However, this album allows her to mold her material back into the realm of her piano-pop persona, and it fits comfortably so. Her upbeat catchy tunes (Door Number Three) and ovation-worthy ballads (She Used To Be Mine) are as good as they’ve ever been, and the production from Neal Avron (who produced Bareilles’ “Kaleidoscope Heart” album) puts these songs comfortable in the frame of her previous repertoire.

In the end, take from it what is being put out, a brilliant piece of a larger story. It’s too early to see if any of the songs from What’s Inside will have mainstream legs like those from her previous albums, but if She Used To Be Mine doesn’t become a highly-requested radio hit, there’s something very wrong. Parts of me wishes there was just more - what we have is essentially a ten-song album - but that comes from the material that is there being so incredibly good. I’m on my fourth play through already, and there’s no slowing down. Flour, sugar, butter, and Bareilles makes for a delectable and tasty treat for months to come.

好听死噜。

胡萝卜水笔,

简直太好听惹,喜翻儿惹噜。

About Sara Bareilles

A gifted songwriter and a versatile pianist with no formal training, Sara Bareilles burst onto the pop scene with a naturally skilled voice that ranged from powerful and soulful to sweet and gentle, earning her instant comparisons to Fiona Apple and Norah Jones. At age 18, she left the Redwood forests of her hometown, Eureka, California, in pursuit of a music career in Los Angeles. Although she attended UCLA's Communication Studies program, Bareilles spent the majority of her spare time studying her new environment and writing poetry and songs about the busy surroundings.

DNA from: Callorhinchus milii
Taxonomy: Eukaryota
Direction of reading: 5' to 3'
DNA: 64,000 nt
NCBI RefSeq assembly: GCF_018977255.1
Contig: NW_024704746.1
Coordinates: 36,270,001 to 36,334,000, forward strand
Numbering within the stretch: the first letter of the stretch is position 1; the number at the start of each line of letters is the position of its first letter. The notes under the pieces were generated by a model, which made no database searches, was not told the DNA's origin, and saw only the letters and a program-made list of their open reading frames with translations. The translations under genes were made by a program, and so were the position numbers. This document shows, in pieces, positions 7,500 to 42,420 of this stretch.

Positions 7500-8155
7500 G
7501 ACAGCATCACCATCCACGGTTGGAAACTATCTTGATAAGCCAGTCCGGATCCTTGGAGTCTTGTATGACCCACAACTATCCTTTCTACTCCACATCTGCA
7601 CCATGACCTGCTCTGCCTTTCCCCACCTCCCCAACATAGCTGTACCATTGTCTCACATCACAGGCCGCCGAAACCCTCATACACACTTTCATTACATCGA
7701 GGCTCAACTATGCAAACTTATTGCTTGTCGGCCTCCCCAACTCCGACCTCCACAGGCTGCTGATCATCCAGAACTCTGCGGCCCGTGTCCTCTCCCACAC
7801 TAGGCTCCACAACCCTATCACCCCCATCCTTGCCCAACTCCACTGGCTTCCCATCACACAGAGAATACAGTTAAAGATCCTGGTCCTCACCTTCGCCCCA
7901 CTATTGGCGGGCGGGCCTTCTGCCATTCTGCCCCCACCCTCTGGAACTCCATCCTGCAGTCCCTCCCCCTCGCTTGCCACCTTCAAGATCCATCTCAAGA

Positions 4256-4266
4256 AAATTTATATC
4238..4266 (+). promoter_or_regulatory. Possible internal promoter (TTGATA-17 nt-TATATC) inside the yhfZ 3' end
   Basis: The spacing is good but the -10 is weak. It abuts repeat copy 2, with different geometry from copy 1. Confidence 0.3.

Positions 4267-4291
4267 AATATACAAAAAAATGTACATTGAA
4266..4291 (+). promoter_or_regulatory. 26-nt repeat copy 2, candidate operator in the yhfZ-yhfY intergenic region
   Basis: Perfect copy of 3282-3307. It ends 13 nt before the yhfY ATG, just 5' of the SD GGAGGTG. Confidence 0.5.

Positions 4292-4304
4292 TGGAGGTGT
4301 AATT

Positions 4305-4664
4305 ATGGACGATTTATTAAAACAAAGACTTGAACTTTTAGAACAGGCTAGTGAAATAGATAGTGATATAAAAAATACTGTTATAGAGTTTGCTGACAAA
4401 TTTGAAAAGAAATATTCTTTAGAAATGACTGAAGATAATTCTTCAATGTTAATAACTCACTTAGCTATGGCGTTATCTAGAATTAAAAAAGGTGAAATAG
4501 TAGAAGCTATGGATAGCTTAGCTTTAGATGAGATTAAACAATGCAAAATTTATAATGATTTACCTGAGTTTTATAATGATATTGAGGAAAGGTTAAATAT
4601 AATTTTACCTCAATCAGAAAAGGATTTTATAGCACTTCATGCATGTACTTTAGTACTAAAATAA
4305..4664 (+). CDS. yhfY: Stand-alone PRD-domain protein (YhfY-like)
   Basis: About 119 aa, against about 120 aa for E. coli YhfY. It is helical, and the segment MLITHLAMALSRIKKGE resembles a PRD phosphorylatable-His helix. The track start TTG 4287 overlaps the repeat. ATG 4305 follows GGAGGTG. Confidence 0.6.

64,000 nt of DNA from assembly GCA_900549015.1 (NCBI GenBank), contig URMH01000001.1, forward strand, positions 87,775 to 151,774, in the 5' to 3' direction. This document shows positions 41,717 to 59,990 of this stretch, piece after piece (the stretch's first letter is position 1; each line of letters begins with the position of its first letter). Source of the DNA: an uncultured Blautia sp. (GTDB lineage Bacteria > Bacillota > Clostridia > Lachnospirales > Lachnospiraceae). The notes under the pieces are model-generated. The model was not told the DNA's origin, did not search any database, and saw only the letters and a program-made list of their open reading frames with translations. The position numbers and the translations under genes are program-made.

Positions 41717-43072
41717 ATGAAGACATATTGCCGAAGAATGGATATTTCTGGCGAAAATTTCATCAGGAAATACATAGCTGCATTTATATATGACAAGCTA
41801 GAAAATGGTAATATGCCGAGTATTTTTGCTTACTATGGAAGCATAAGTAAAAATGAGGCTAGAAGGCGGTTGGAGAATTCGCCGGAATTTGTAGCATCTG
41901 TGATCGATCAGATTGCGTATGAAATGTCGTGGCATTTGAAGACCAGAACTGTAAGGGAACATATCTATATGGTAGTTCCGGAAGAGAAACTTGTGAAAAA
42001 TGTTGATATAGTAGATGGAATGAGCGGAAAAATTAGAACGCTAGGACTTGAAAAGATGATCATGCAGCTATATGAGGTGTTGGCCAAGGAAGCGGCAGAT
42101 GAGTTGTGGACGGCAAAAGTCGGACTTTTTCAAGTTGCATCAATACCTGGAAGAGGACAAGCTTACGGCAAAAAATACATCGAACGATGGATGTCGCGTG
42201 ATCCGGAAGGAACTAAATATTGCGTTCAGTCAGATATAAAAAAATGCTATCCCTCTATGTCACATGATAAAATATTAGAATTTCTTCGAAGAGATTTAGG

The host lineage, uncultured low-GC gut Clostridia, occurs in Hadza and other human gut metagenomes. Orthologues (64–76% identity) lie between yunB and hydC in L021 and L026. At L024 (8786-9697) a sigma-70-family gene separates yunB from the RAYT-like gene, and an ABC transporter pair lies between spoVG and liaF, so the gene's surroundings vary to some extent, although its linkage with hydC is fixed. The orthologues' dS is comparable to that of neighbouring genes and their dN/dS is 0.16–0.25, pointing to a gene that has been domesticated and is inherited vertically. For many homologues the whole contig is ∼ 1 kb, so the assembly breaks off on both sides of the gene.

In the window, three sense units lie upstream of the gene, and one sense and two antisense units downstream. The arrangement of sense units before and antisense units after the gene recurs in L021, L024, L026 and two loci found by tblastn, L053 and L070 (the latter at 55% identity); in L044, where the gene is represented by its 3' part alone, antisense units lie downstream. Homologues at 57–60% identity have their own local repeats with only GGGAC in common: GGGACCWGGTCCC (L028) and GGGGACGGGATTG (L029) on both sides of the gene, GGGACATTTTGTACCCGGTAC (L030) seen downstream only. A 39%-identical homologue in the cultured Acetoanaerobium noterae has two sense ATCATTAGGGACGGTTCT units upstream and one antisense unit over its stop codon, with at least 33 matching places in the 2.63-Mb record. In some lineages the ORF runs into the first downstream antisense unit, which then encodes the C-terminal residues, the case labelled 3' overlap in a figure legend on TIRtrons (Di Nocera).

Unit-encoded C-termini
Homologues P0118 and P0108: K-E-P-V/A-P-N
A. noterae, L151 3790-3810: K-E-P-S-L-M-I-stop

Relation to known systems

After graduation, she spent the next three years performing her songs at open-mike nights, slowly building her confidence as a musician before graduating to local clubs and festivals. In 2003, she co-produced her first demo, Careful Confessions, and became enthralled with recording techniques. Eager to go back to the studio and create a second full-length album, she started shopping her CD around and signed a deal with Epic Records in April 2005. Producer Eric Rosse took her under his wing the following February and the two spent a little over a year perfecting the orchestration -- nearly half of the songs had formerly appeared on Careful Confessions, and a new batch of tracks was carefully constructed in order to make her first major-label release as strong as possible. The lyrical themes of the album, entitled Little Voice and released in July 2007, covered her past relationships, insecurities, and inner battles with trying to trust her instincts. The single "Love Song" made the album a hit; both single and album reached the Top Ten, with "Love Song" eventually selling more than three million copies.